Reviews | How do you deal with a superpower led by a war criminal?


So it looks like Putin is preparing for a two-pronged strategy. First, he regroups his ravaged forces and focuses them on completely seizing and detaining this small military prize. Second, it redoubles its systematic cruelty – the continuous pounding of Ukrainian cities with rockets and artillery to continue creating as many casualties and refugees and as much economic ruin as possible. He clearly hopes that the former will fracture the Ukrainian military, at least in the east, and the latter will fracture NATO, as its member states are overwhelmed by so many refugees and pressure kyiv to give Putin all he wants for him to stop.

Ukraine and NATO therefore need an effective counter-strategy.

It should have three pillars. The first is to support the Ukrainians with diplomacy if they want to negotiate with Putin – that is their call – but also to support them with the best armaments and training if they want to drive the Russian army out of every square centimeter of their territory. . The second is to broadcast daily and out loud – in every possible way – that the world is at war “with Putin” and “not with the Russian people” – the complete opposite of what Putin is telling them. And the third is for us to redouble our efforts to end our dependence on oil, Putin’s main source of income.

The hope is that the three together would set in motion forces inside Russia that would topple Putin from power.

Yes, this is a high risk, high reward proposition. Putin’s downfall could lead to someone worse at the helm of the Kremlin. It could also lead to prolonged chaos and disintegration.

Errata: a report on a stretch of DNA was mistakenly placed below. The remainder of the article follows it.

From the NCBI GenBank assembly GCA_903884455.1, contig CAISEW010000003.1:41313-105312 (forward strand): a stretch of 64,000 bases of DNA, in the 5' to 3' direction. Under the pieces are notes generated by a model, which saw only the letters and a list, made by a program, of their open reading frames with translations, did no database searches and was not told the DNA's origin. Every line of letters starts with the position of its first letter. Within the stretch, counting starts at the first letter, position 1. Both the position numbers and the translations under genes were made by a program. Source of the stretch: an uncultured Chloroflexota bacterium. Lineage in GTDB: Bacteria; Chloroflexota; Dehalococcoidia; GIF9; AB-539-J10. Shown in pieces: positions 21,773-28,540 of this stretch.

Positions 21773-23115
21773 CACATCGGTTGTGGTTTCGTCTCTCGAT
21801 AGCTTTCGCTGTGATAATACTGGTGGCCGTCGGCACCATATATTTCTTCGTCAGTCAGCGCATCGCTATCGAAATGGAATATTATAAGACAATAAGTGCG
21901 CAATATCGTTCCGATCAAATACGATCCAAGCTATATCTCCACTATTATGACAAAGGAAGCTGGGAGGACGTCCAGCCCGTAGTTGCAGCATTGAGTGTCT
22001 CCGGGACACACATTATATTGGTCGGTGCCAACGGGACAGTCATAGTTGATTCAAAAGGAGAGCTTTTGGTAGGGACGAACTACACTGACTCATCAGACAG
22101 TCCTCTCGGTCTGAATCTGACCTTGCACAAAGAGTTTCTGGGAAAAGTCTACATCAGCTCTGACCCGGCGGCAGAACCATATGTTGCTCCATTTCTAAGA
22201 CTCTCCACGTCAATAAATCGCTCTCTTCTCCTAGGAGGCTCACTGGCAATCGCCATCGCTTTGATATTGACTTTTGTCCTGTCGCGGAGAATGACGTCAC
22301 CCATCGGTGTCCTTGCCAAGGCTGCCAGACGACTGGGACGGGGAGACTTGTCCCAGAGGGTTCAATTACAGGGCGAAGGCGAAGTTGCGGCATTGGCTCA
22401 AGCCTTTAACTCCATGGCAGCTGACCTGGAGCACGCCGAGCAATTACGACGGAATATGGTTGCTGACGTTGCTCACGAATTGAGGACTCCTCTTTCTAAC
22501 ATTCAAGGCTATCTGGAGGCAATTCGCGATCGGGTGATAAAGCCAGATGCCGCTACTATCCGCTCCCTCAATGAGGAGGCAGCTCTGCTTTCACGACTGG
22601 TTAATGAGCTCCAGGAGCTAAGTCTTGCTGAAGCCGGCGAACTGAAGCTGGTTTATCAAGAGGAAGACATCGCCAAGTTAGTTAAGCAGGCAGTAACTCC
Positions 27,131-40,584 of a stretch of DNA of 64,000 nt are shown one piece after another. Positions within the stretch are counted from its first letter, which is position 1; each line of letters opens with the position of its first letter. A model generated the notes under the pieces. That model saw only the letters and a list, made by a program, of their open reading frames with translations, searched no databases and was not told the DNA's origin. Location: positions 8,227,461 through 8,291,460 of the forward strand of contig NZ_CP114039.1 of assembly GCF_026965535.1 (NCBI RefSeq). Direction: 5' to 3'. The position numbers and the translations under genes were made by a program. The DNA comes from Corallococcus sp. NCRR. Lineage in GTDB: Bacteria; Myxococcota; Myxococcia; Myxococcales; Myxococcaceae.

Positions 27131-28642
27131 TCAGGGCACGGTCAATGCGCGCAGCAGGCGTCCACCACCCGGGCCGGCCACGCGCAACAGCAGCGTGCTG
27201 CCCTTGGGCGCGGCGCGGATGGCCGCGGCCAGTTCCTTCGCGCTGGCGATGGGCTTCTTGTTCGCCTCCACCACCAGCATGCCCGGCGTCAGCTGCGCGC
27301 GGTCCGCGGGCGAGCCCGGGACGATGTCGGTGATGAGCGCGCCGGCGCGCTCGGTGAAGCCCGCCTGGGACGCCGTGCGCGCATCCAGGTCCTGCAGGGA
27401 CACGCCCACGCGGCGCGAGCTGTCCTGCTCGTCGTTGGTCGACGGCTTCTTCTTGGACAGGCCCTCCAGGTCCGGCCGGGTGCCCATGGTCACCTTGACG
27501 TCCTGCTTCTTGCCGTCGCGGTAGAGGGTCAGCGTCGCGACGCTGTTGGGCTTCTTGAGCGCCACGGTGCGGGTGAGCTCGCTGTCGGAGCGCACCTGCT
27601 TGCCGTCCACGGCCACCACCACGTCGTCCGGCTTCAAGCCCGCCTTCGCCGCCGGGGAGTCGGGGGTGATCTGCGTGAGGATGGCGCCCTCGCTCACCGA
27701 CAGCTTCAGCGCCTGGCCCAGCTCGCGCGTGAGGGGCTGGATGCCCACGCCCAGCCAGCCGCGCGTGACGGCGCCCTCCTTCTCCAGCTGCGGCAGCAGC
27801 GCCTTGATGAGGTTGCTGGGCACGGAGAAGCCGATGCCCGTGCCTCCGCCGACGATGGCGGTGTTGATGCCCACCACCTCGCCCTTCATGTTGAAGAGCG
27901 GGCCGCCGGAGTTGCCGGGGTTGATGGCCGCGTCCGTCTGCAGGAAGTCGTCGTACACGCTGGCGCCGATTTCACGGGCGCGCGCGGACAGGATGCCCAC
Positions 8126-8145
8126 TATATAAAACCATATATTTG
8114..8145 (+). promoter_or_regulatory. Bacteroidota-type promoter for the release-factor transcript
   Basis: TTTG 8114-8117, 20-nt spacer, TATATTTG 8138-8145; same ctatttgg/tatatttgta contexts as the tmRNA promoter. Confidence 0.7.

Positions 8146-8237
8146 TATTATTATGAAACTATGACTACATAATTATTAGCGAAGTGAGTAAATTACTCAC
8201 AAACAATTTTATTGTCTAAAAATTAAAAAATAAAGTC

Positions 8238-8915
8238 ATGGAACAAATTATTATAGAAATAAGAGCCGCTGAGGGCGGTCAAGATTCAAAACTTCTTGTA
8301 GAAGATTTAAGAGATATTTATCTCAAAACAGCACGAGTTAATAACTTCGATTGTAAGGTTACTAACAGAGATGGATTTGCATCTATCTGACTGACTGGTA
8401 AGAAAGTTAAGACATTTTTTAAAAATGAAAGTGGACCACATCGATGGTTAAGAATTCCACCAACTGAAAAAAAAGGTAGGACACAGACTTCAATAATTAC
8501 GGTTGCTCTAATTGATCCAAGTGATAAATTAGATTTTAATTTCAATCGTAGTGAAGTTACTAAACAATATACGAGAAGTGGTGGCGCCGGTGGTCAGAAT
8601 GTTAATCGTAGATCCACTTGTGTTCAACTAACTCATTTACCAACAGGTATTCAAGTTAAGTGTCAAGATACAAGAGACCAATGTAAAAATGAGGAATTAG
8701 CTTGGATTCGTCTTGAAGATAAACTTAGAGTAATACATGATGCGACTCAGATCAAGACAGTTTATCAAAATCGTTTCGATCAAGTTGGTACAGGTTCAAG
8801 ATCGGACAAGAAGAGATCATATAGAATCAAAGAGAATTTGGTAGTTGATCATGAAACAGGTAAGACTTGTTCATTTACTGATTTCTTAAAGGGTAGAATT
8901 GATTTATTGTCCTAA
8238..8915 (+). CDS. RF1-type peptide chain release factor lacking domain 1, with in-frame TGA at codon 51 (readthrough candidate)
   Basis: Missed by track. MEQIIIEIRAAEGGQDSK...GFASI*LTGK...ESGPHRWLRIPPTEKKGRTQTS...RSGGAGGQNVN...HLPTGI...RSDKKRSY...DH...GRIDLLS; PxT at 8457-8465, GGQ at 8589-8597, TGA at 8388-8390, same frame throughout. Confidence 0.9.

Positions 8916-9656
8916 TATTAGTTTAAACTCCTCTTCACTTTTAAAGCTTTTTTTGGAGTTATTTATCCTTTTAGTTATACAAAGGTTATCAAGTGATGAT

But if it leads to someone better, someone with just a modicum of decency and an ambition to rebuild Russia’s dignity and spheres of influence on the basis of a new generation of Tchaikovsky, Rachmaninoff, Sakharov , Dostoyevsky and Sergey Brins – not yacht-owning oligarchs, cyberhackers and polonium -armed assassins – the whole world is better. So many possibilities for healthy collaborations would be resurrected or forged.

Only the Russian people have the right and the ability to change leaders. But it won’t be easy because Putin, a former KGB officer – surrounded by many other ex-intelligence officers indebted to him – is nearly impossible to dislodge.

But here’s a possible scenario: the Russian military is a proud institution, and if it continues to suffer catastrophic defeats in Ukraine, I can imagine a situation where either Putin wants to decapitate the leaders of his army – make them scapegoats for his failure in Ukraine – where the military, knowing it’s coming, first tries to oust Putin. There was never any love lost between the Russian military and the KGB/SVR/FSB security types surrounding Putin.


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